How Smoking & Drinking May Affect Hearing

How Smoking & Drinking May Affect Hearing

In Hearing Health, Hearing Loss, Research by Jack Felix, ACA, BC, HISLeave a Comment

Jack Felix, ACA, BC, HIS

You may enjoy smoking and drinking, despite constant reminders from medical providers, public health officials and concerned friends and family about the dangerous health risks. Smoking is commonly associated with cancer and lung diseases such as emphysema and chronic bronchitis, while heavy drinking increases the risk of heart disease, stroke, and high blood pressure, cognitive damage, as well as damaging your liver and pancreas. Now recent research has found that smoking and drinking might also put you at a higher risk for hearing loss.

The Dangers of Hearing Loss

While you may not prioritize the dangers of hearing loss over heart disease, and cancer, the risk is very serious to our overall health. Hearing loss has a wide range of damaging side effects which are emotional, cognitive, and physical in nature. When we struggle to hear we put a strain on all the relationships in our life at home and in a professional setting. This can lead to chronic depression, anxiety, and social isolation. In addition struggling to hear missing parts of sound puts stress on the brain, increasing the risk of cognitive impairment and dementia exponentially according to the degree of hearing loss. On a physical level, living with untreated hearing loss also increased the likeliness of falls and accidents, leading to hospitalizations.

The Addictive Nature of Nicotine

Despite the overwhelming information that smoking is dangerous for your health, many continue to smoke, reporting that they enjoy the ritual of smoking. Many people start smoking when they are young and due to it’s addictive nature it’s difficult to stop.  In addition, many smokers report that smoking gives them a pleasurable feeling though this may be associated with the withdraw of nicotine withdrawal symptoms. Nicotine and other chemicals in tobacco smoke are easily absorbed into the blood through the lungs at a very fast pace, making this substance one of the most addictive chemicals. It’s important to understand that even if you’ve built your days around cigarettes for years, you can still quit at any time. If you needed one more reason to quit, recent research has found that cigarettes can also damage your hearing.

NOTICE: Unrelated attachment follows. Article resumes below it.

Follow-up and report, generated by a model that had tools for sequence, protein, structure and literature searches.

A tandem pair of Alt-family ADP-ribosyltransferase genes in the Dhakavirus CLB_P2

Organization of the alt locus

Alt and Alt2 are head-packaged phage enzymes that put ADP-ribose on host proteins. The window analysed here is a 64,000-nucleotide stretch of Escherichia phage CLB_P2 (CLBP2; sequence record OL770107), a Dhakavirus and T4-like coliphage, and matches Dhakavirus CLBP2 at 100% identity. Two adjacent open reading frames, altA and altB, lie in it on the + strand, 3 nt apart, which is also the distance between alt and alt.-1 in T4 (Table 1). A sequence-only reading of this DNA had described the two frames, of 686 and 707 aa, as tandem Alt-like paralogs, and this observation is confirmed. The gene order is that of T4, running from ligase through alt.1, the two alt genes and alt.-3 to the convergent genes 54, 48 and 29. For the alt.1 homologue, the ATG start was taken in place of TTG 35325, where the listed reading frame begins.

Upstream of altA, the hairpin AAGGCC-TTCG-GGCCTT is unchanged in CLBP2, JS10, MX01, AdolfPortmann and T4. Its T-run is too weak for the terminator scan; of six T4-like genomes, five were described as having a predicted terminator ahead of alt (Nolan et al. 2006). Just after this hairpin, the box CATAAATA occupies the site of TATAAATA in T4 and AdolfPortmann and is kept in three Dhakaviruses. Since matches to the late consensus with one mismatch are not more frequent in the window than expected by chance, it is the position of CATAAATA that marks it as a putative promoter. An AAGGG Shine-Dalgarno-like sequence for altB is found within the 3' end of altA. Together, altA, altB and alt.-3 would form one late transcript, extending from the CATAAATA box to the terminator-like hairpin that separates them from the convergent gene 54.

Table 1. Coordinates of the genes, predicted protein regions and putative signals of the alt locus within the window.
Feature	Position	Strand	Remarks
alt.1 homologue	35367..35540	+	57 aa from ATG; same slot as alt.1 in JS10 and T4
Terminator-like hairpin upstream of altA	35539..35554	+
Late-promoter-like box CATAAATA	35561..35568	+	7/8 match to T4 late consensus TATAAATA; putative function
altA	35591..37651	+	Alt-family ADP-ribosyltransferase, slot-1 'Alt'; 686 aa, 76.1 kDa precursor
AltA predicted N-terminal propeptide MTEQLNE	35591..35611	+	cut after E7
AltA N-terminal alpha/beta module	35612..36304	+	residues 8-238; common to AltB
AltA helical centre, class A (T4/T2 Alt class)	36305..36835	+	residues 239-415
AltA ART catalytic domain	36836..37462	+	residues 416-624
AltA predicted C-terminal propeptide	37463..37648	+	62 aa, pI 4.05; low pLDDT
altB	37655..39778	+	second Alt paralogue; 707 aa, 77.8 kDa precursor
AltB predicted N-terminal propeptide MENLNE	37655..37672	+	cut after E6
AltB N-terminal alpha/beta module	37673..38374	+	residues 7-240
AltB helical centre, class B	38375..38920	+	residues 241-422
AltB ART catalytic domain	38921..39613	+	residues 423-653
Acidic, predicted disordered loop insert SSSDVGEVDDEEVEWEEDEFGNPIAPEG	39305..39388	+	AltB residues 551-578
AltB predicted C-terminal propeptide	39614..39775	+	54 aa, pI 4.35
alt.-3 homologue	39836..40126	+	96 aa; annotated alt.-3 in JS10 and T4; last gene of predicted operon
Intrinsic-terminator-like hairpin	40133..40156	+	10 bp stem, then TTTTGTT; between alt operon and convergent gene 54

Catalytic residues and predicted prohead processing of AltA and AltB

How Smoking Leads to Hearing Loss

Nicotine is the primary addictive chemical in tobacco which makes it additictive. Nicotine restricts blood flow, reducing the amount of oxygen which is delivered to the cells throughout the entire body. This includes the delicate hair-like cells of the inner ear which are the sole delivery system of audio information to the brain. When these cells are deprived of healthy oxygenated blood, they can suffocate and die, leaving gaps in your hearing perception. In short, nicotine is classified as an ototoxic chemical, a group of chemicals which damage the inner ear. A recent study found that smokers were over 15% more likely to have hearing loss than non-smokers, while those who lived with smokers -exposed to second hand smoke were at an equal risk.

Drinking and Hearing Loss

Anyone who has woken up from a night of heavy drinking knows how awful a hangover feels. When this becomes a normal occurrence, it’s no surprise this can have lasting negative effects throughout your body. Alcohol changes brain chemistry, for many causing a greater amount of pleasure chemicals, increasing chances of developing physical dependence.  Now, researchers from the University of Ulm in Germany have found that excessive drinking is also damaging to your hearing. By testing heavy drinkers, as well as social drinkers, they found that alcohol consumption can damage the central auditory cortex in the brain, the region responsible for interpreting the sounds the ear picks up. This cognitive damage is irreparable, causing lifelong hearing loss. Even moderate drinkers and social drinkers are at a greater risk for hearing loss, though the more you drink, the greater the risk.

Saving Your Hearing

If you are ready to invest in your hearing health, an evaluation of your lifestyle practices may be in order. If you smoke and drink and have been looking for one more reason to cut back and quit- protecting your hearing health is a great inspiration. With healthy hearing you can enjoy greater ease of socializing, engaging in the activities you love and staying active and healthy. It’s never too late to make a change! Schedule a hearing exam today and stay on top of your hearing health!

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